Administration dispute stalls proposed changes in food nutrition labels

November 08, 1992|By Los Angeles Times

WASHINGTON -- Officials from two Cabinet department remained stalemated yesterday over how best to revise the nation's food labels and are not expected to meet tomorrow's deadline for issuing the final proposals.

The Food and Drug Administration, part of the Department of Health and Human Services, has been locked for months in a battle with the Agriculture Department over how much nutritional information the new labels should contain.

"We've worked very hard over the last two years to get useful information to consumers, and we've essentially completed the regulations," FDA Commissioner David A. Kessler said yesterday. "Our regulations are done. We've met our deadline. And we've been trying to get them out."

But the White House -- which has the last word -- has refused to weigh into the dispute.

Traditionally, the Agriculture Department has favored the industry, and the FDA and the Department of Health and Human Services have been pro-consumer, which has meant "this kind of war happens all the time," said one White House official who declined to be identified. "The White House is not siding with either. We are remaining neutral."

If the dispute is not resolved by tomorrow, earlier draft proposals released by the FDA a year ago are scheduled to take effect. Although somewhat different, those proposals are in many ways tougher than the stalled final regulations.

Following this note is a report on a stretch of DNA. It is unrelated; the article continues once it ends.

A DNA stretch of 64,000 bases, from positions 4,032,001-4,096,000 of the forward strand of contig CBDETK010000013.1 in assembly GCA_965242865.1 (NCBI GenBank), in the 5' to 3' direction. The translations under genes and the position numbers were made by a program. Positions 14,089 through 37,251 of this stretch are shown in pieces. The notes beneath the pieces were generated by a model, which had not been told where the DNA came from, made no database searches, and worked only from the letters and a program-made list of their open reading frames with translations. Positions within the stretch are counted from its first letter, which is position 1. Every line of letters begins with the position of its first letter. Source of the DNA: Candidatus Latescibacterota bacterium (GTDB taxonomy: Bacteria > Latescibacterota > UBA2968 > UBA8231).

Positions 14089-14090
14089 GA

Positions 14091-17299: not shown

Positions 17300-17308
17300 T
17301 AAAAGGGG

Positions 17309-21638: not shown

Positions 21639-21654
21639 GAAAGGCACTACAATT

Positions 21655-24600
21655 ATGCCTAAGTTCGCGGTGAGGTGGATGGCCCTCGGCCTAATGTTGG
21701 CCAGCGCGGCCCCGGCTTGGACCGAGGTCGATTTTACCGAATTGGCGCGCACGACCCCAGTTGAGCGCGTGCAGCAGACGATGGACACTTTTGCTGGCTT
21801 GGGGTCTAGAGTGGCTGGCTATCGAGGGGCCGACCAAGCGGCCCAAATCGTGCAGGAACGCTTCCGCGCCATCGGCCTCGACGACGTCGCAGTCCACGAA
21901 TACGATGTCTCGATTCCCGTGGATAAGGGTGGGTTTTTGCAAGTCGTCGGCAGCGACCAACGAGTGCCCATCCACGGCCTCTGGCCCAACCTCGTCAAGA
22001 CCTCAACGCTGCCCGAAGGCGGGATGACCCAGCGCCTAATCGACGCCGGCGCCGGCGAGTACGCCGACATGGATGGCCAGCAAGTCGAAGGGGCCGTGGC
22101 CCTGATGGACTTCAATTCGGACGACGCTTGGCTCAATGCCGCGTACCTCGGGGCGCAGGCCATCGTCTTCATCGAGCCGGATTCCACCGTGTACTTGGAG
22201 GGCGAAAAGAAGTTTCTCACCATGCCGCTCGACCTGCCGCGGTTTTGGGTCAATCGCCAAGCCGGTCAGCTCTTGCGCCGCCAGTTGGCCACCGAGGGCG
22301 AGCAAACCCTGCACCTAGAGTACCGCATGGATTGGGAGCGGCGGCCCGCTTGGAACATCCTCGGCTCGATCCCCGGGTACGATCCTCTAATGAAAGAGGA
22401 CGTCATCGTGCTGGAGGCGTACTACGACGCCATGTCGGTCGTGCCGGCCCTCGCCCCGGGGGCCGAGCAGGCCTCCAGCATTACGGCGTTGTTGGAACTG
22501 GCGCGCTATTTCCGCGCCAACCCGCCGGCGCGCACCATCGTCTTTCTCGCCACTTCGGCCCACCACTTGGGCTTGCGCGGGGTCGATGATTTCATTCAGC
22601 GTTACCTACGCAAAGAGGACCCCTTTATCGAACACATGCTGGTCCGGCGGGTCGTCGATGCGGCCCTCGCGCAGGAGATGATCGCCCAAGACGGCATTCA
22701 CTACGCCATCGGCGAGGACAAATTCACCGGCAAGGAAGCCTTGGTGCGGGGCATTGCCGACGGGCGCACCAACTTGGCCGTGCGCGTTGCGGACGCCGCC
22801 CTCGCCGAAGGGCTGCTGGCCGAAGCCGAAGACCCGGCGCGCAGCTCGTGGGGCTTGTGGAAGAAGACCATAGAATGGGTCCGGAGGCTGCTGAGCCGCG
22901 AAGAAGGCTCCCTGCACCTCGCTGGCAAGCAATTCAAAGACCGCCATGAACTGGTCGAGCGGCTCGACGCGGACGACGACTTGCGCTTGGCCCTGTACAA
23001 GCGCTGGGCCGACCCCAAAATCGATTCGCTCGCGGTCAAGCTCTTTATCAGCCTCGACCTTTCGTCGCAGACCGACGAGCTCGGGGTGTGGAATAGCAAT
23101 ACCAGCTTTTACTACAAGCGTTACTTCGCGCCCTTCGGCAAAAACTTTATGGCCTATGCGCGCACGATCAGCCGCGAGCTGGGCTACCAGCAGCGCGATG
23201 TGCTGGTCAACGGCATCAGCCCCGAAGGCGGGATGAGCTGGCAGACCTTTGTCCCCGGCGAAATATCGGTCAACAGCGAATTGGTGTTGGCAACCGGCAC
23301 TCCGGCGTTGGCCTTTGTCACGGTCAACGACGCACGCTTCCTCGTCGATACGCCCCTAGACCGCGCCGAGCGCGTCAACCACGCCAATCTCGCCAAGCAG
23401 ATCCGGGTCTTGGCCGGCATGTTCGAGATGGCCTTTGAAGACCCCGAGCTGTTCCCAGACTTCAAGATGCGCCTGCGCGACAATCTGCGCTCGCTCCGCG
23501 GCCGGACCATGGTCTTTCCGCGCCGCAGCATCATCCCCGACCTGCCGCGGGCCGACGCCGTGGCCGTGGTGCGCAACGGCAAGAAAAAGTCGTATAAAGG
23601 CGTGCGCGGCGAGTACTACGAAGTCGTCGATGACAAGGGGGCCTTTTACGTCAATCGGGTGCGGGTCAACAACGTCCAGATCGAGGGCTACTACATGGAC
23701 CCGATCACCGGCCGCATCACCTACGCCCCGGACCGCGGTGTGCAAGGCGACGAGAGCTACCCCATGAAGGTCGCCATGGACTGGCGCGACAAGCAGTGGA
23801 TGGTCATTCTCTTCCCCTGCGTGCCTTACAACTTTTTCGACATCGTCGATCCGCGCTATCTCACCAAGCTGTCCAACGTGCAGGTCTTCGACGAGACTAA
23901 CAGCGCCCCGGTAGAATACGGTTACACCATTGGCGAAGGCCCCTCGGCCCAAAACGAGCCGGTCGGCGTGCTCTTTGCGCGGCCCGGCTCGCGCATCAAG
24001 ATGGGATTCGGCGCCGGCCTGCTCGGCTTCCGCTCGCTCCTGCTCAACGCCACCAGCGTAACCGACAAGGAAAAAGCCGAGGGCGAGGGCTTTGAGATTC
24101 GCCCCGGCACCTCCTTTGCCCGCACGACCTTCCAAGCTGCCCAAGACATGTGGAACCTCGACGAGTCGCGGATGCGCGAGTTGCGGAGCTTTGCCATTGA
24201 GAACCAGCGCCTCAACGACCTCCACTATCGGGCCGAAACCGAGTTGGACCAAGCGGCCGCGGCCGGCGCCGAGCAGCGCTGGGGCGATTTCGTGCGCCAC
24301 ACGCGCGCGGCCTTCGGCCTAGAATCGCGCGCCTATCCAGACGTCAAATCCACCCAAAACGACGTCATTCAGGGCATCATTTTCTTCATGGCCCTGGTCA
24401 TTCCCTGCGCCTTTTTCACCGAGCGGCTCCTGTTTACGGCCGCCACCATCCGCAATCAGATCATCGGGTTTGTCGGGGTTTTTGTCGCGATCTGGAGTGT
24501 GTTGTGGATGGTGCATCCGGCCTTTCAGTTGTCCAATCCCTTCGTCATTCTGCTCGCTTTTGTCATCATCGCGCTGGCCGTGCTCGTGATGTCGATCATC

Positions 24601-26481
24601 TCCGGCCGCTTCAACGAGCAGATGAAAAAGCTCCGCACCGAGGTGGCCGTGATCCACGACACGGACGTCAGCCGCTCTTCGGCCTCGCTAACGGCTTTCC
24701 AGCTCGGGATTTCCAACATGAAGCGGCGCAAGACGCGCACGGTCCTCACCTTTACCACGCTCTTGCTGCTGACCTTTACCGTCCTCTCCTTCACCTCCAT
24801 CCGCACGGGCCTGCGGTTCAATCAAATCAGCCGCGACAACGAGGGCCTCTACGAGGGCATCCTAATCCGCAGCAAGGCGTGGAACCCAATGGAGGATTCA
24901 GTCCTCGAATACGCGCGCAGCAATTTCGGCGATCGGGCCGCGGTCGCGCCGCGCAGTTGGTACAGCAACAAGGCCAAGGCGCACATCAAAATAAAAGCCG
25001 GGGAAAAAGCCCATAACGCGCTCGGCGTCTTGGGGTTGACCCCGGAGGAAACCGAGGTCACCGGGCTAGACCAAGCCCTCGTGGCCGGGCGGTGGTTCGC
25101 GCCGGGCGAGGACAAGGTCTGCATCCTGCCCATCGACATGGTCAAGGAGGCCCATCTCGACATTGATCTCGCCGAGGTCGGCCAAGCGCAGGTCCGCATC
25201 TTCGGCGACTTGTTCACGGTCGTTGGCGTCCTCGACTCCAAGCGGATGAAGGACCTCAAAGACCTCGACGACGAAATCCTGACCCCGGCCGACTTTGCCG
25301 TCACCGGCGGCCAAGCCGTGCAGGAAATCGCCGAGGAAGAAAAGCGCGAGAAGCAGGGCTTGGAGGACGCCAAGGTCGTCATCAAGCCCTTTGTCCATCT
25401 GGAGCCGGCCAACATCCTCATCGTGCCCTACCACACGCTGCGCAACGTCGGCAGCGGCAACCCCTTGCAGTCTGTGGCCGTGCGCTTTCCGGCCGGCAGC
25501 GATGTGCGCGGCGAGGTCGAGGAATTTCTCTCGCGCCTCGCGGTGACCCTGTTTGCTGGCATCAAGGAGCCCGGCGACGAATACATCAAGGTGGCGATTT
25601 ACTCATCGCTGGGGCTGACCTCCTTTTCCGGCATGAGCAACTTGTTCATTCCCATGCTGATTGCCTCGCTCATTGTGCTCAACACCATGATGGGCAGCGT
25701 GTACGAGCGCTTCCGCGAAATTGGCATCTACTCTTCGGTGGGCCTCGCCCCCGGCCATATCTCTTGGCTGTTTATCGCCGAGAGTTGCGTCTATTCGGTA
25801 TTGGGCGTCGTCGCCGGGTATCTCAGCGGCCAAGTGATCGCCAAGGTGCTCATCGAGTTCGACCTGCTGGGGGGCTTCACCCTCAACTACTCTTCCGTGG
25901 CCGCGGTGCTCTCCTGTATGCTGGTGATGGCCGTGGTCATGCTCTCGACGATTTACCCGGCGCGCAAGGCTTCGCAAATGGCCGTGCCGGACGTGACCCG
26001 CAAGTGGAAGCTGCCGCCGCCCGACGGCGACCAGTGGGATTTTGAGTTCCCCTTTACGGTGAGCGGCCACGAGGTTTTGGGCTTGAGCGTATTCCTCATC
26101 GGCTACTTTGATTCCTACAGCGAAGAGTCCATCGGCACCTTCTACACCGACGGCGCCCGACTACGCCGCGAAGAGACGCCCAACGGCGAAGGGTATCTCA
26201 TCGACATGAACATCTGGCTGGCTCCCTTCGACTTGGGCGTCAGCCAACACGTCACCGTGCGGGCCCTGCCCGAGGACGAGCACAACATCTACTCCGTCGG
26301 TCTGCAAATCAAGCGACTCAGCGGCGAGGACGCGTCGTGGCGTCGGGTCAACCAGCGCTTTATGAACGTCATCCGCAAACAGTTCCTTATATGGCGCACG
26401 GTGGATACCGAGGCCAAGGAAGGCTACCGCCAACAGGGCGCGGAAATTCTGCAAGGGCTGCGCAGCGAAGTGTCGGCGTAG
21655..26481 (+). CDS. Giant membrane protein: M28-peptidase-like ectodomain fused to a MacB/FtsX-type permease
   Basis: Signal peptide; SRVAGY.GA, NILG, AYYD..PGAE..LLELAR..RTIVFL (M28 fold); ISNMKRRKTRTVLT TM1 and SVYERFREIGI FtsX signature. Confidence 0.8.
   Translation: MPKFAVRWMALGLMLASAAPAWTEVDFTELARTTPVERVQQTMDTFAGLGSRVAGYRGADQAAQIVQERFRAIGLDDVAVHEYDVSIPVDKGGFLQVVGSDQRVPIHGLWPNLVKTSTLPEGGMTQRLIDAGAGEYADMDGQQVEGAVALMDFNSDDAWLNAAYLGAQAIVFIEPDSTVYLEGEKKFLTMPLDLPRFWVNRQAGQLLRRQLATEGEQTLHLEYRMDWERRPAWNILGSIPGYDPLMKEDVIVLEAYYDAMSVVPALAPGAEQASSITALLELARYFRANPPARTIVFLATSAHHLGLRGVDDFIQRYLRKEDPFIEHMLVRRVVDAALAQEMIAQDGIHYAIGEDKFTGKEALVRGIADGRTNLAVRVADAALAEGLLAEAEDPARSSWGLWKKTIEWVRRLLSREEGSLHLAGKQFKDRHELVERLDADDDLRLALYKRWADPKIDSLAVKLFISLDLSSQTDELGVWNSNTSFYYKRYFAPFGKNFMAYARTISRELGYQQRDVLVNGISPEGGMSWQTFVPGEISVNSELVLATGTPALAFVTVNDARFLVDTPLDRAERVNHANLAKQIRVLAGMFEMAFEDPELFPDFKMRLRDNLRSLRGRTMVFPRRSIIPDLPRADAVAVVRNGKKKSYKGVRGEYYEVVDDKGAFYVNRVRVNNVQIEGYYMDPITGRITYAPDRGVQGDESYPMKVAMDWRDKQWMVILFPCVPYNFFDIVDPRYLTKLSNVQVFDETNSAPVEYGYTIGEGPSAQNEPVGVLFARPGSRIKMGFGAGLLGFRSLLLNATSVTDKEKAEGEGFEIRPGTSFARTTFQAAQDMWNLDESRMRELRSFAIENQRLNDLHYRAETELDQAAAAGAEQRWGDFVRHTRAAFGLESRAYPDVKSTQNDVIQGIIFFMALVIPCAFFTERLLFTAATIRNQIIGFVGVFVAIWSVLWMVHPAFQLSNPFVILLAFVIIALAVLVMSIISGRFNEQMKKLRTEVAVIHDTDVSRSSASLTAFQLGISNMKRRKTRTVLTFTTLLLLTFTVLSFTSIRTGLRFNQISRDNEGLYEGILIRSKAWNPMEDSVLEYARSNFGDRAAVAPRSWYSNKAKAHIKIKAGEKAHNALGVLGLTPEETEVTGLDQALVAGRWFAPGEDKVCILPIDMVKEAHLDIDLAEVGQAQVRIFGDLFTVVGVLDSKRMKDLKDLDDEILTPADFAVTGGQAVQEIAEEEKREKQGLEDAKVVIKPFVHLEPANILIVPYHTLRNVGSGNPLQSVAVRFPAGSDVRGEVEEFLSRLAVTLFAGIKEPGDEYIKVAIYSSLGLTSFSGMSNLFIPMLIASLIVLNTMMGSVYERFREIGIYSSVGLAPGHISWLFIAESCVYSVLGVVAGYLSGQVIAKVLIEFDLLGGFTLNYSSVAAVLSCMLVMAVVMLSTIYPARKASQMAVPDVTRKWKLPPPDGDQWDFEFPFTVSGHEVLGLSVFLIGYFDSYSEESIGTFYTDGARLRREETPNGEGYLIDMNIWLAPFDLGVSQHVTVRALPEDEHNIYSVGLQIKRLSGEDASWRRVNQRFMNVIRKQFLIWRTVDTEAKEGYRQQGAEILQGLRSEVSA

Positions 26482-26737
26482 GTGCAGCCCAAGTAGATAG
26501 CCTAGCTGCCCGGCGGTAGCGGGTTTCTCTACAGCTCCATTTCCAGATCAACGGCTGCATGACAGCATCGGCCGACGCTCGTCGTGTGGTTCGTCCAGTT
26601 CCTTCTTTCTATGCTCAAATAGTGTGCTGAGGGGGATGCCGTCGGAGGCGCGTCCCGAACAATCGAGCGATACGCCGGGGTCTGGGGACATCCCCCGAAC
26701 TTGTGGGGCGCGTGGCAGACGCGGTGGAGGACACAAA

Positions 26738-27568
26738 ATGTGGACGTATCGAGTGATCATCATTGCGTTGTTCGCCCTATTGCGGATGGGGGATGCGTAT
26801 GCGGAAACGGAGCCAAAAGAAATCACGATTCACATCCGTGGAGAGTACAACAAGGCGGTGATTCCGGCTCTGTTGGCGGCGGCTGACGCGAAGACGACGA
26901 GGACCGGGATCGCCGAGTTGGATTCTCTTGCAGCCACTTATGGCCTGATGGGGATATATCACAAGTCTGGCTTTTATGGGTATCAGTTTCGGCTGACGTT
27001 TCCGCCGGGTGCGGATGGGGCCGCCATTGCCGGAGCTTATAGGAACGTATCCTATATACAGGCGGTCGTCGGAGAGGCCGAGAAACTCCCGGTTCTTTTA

Officials on both sides said yesterday that they believed that new regulations could still be issued within several weeks if the conflicts are settled. But FDA officials, aware that the incoming Clinton administration will almost certainly back strong pro-consumer label regulations, are not expected to back down.

One of the biggest items in contention is the format of the nutrition information panel on the label, which typically discloses quantities of fat, calories, carbohydrates, fiber, protein, cholesterol, sodium, vitamins and minerals.

The FDA wants to expand this information to present each nutrient in the context of daily nutritional requirements.

For example, a label for a product with 10 grams of fat would say so, but would also say that in a daily diet of 2,000 calories, 65 grams of fat would be the daily value -- the target amount of what one should eat.

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